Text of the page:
HL Deb 16 February 1960 vol 221 cc22-3

3.30 p.m.


My Lords, I beg to move the first humble Address standing in my name on the Order Paper. As a result of the Brussels Treaty of 1954, the Agency for the Control of Armaments of the Western European Union was established. This Agency is responsible for controlling the levels of stocks of offensive weapons held on the Continent of Europe, excluding the United Kingdom, by the member States of the Western European Union, and for ensuring that the West Germans abide by their undertaking not to manufacture certain weapons listed in the Brussels Treaty and, in particular, atomic weapons.

The Agency was given powers under the revised Brussels Treaty to inspect arms factories and examine the commercial documents of any arms companies which were being inspected. In the course of carrying out their inspections, the investigators have access to secret commercial information. Arms companies which thought that some of their confidential information might be misused by members of the Arms control Agency were unable to sue the Agency on the grounds that it was an international organ and therefore immune from legal process. In December, 1957, the member Governments of the Western European Union signed a convention establishing a Tribunal to which private individuals or companies could appeal in the event of damage to their interests as a result of the Agency abusing its powers. Until the Tribunal has been set up—which requires the ratification of the Convention—the Agency, as at present, is obliged to inspect arms companies only with their agreement, and individuals and companies have no means of redress against the Agency. In short, ratification of the Convention is vital if the Agency is to exercise complete control over arms stocks on the mainland of Europe.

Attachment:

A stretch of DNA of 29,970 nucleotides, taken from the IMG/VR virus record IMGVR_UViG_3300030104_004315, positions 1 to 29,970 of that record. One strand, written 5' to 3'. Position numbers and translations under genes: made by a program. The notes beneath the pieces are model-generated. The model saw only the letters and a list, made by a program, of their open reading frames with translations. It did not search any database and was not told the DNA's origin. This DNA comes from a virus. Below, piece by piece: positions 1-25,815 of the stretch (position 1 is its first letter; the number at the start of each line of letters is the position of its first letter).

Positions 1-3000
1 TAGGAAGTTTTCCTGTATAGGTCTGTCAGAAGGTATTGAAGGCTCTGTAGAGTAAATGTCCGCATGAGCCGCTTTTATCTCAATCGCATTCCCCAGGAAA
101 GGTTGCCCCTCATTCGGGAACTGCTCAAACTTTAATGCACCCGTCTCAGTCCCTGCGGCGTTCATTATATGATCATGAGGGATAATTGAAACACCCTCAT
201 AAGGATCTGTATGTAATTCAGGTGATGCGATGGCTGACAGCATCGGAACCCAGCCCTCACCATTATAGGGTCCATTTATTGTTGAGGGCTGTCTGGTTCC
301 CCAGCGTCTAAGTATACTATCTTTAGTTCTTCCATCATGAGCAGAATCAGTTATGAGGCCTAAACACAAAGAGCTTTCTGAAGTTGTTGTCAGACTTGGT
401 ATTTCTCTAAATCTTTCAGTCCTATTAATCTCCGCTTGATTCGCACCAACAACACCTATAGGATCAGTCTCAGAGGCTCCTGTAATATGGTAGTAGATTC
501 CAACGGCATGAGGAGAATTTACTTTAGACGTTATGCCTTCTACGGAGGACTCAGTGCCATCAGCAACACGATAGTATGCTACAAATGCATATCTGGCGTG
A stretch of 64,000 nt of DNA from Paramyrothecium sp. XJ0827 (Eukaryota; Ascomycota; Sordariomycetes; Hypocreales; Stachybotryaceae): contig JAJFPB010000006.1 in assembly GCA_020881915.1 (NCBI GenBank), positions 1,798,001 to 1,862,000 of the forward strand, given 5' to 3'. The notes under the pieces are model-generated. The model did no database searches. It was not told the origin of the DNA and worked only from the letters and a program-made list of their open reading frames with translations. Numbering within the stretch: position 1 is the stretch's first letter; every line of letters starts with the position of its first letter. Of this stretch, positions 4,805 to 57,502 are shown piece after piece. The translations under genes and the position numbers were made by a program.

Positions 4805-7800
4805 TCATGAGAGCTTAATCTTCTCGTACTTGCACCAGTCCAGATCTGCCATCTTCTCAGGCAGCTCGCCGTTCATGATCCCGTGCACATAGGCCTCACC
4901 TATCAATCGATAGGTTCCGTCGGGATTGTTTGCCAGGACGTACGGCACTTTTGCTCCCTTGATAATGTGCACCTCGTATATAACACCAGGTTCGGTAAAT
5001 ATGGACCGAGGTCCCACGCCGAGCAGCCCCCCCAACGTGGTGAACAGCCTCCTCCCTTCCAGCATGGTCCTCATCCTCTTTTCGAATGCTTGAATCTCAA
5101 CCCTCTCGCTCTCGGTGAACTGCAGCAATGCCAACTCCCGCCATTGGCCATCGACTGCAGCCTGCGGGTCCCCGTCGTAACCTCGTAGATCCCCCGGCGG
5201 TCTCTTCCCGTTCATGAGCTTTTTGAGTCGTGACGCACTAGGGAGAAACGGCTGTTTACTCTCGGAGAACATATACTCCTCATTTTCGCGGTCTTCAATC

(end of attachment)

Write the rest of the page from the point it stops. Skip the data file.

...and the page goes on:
This Order revokes the earlier Order of 1955 and re-enacts it to include the three judges and the Clerk of the Tribunal, while at the same time it confers no additional advantages to the existing officers of the organisation. I beg to move.

Moved, That an humble Address be presented to Her Majesty praying that the Western European Union (Immunities and Privileges) Order, 1959, be made in the form of the Draft laid before this House on December 1 last.—(The Marquess of Lansdowne.)


My Lords, may I ask the noble Marquess whether he can tell us how many persons are likely to benefit from these immunities and privileges? I understand that only four additional cases are mentioned in the Order. Can the noble Marquess tell us how many, in all, will have these benefits?


My Lords, the number is 74 officers.

On Question, Motion agreed to: the said Address to be presented to Her Majesty by the Lords with White Staves.